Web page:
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Kas Glute Bridge

Kas Glute Bridge – UPDATED 2022 – A Complete Guide

When you think of barbell exercises, you probably associate them with upper body strength, upper arm strength, and core strength. Sure, you need to have good form in your legs to support the rest of your body but they’re rarely the focus.

That’s what the Kas glute bridge is designed for – this is a barbell exercise where you lift with your hips and tone your lower body area and your glutes. It might sound unfamiliar, but it has its roots in some popular barbell exercises.

This is your full guide to the Kas glute bridge, including what is the Kas glute bridge, Kas glute bridge adaptation, tips,, and more!

 

Kas Glute Bridge – A Complete Guide

The Kas glute bridge is a slightly modified version of the barbell hip thrust. To understand the Kas glute bridge, we should first break down what a barbell hip thrust is and how to do one.

A barbell hip thrust involves using a weight bench to support your back, as you sit on the floor with the barbell on your lap, around the hips area. You then lift yourself off the floor along with the barbell, while holding it with both hands for support. After each rep, lower yourself back down to the floor.

The barbell hip thrust is great for your hip flexor muscles, and for activating all of the muscles in your lower body. Specifically, it’s great at building the quadriceps and the glute muscles. It’s important to remember to support the barbell with your hands still, to prevent injury.

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So how does the Kas glute bridge differ from the barbell hip thrust? If you see one and then the other it’s pretty hard to tell where the difference lies. But watch a video of the exercises side-by-side and you’ll see what makes it different.

The Kas glute bridge has you suspended above the floor for the whole exercise. Instead of lowering your butt to the floor after every rep, you instead lower it back to being in line with the rest of your body, but still hovering on the floor. It’s kind of like a plank, in that it focuses on keeping stability in the lower body area.

Doing the Kas Glute Bridge at Home

The Kas glute bridge requires a barbell and a weight bench – if you have both of these, then doing the workout at home is easy. Maybe you have a barbell, and you have weights, but you don’t have a weight bench.

If that’s the case, you can still do the Kas glute bridge at home easily. The weight bench isn’t essential, it’s just the most common piece of equipment to use. If you’re in a gym and using the barbell, chances are there’s also a weight bench free.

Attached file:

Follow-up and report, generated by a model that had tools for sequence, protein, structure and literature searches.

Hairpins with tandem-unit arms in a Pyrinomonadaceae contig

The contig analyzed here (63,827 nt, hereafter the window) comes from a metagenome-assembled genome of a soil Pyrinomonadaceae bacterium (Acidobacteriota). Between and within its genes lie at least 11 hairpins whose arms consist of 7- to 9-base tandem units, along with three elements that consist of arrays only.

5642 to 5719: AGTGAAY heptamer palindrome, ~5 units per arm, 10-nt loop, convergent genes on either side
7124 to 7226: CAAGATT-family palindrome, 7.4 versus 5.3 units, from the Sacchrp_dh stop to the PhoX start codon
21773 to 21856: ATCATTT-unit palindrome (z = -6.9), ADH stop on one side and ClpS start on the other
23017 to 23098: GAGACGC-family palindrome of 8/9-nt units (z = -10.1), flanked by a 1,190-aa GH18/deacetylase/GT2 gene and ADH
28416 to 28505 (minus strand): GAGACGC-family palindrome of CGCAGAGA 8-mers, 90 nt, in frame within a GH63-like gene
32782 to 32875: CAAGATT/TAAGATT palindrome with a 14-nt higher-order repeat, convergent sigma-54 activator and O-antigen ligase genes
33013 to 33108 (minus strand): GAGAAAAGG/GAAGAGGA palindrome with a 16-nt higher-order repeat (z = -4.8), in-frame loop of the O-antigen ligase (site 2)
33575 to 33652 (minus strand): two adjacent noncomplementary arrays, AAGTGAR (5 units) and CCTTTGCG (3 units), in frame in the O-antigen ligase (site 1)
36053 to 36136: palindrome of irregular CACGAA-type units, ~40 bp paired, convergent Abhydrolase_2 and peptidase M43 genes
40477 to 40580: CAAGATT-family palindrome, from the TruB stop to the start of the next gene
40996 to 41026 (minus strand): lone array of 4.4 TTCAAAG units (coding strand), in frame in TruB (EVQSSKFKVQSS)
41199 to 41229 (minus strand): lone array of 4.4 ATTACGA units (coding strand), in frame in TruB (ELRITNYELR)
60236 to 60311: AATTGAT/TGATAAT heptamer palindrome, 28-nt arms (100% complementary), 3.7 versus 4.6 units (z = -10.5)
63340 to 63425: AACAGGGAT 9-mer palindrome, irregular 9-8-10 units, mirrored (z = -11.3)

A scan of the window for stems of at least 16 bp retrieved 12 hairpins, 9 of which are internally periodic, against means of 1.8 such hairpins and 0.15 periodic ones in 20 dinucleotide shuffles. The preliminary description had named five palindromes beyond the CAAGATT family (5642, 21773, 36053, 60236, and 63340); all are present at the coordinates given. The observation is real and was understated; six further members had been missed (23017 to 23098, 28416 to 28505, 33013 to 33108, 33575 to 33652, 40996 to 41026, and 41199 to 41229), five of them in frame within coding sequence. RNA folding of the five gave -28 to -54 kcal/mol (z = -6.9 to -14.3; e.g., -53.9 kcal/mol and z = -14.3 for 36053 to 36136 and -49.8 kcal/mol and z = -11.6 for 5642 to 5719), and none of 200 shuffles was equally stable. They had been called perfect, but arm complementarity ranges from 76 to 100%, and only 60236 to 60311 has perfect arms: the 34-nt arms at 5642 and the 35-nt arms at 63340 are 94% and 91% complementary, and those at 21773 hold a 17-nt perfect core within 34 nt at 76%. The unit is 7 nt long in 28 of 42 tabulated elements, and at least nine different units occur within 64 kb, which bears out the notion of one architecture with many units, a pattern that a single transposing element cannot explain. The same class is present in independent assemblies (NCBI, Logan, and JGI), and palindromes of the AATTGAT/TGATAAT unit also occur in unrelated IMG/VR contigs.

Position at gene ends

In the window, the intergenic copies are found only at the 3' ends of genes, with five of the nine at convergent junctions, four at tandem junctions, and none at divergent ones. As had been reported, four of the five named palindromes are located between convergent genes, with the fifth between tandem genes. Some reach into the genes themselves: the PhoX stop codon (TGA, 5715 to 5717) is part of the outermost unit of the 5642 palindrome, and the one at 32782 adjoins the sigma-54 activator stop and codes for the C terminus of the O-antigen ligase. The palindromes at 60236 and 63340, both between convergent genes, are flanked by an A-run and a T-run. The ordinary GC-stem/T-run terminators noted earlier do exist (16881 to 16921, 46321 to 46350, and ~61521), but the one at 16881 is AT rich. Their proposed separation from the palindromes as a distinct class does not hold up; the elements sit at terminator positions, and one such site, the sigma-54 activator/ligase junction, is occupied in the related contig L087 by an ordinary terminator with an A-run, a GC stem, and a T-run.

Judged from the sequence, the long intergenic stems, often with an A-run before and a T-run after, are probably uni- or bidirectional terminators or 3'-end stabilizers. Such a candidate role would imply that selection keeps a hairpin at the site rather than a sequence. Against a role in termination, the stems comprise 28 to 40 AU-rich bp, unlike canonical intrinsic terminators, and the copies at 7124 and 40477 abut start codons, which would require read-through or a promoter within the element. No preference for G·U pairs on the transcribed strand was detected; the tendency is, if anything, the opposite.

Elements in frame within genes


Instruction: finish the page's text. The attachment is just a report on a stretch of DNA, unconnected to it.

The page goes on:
Instead of a weight bench, you can use your sofa, your bed, a (stable) table, or an exercise ball. As long as it’s a flat and comfortable surface that won’t move suddenly when pressure is applied to it, it’s a good alternative for the Kas glute bridge.

If you don’t have a barbell or a weight bench, then you could do the Kas glute bridge with a kettlebell instead, or even dumbbells. Make sure that the weight is either in the center of your body or evenly distributed if you use these though.

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Kas Glute Bridge Alternatives

Kas Glute Bridge Alternatives

The Kas glute bridge is itself an alternative of the barbell thrust, but maybe you’re looking for something that’s closer to the Kas, but not quite the same? This could be due to previous injury, or you’ve just perfected the Kas glute bridge and are bored of it.

Alternatives to the Kas glute bridge include of course, the regular glute bridge. This is an exercise that you can do with no barbell, making it a way to do the Kas glute bridge at home if you don’t have that equipment.
It’s also a recommended progression for the full Kas glute bridge – before you involve any weights, it’s important to practice the movement and how to lift yourself up properly.

For something a little different, you can also try the banded squat pulse. This isn’t really similar to the Kat glute bridge in terms of movement and what you do, BUT it surprisingly works some of the very same muscles. For this, you’ll need a resistance band that you can wrap around your thighs.

 

Floor Glute Bridge

Let’s take a few steps back from the Kas glute bridge. It’s not a complicated exercise, but it still requires precise control of your hips and your lower body, as well as at least some lower body strength.

If you’re not comfortable trying the Kas glute bridge yet, you can instead do the floor glute bridge. This is a back-to-basics glute exercise that shares a low of similar notes with the Kas glute bridge.

To do the floor glute bridge, just lie on the floor with your knees elevated. By pushing on your feet, lift up your butt and hips until your body is in a bridge position. Hold this for as long as possible, release and repeat.

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Back Elevated Glute Bridge

If the Kas glute bridge sounds familiar to you, that might be because you’ve seen the back elevated glute bridge before. There are some differences between these two exercises, however.

The back elevated glute bridge is a faster movement, and more similar to a barbell hip thrust with how you’re lifting the dumbbell rather than balancing it on your hips. The back elevated hip thrust also has your ending position be a lot deeper than the Kas glute bridge.

You can use the Kas glute bridge as a progression to a back elevated glute bridge, as the movement is so similar, but the former is slower, more controlled, and more relaxed.

 

Kas Glute Bridge – Closing Thoughts

That’s everything we have about the Kas glute bridge and other glute exercises. These are accessible, rewarding exercises that will give your glutes a workout without your whole body screaming in pain.

For more glute and lower body exercises, read up on our exercise guides, WOD plans, and more!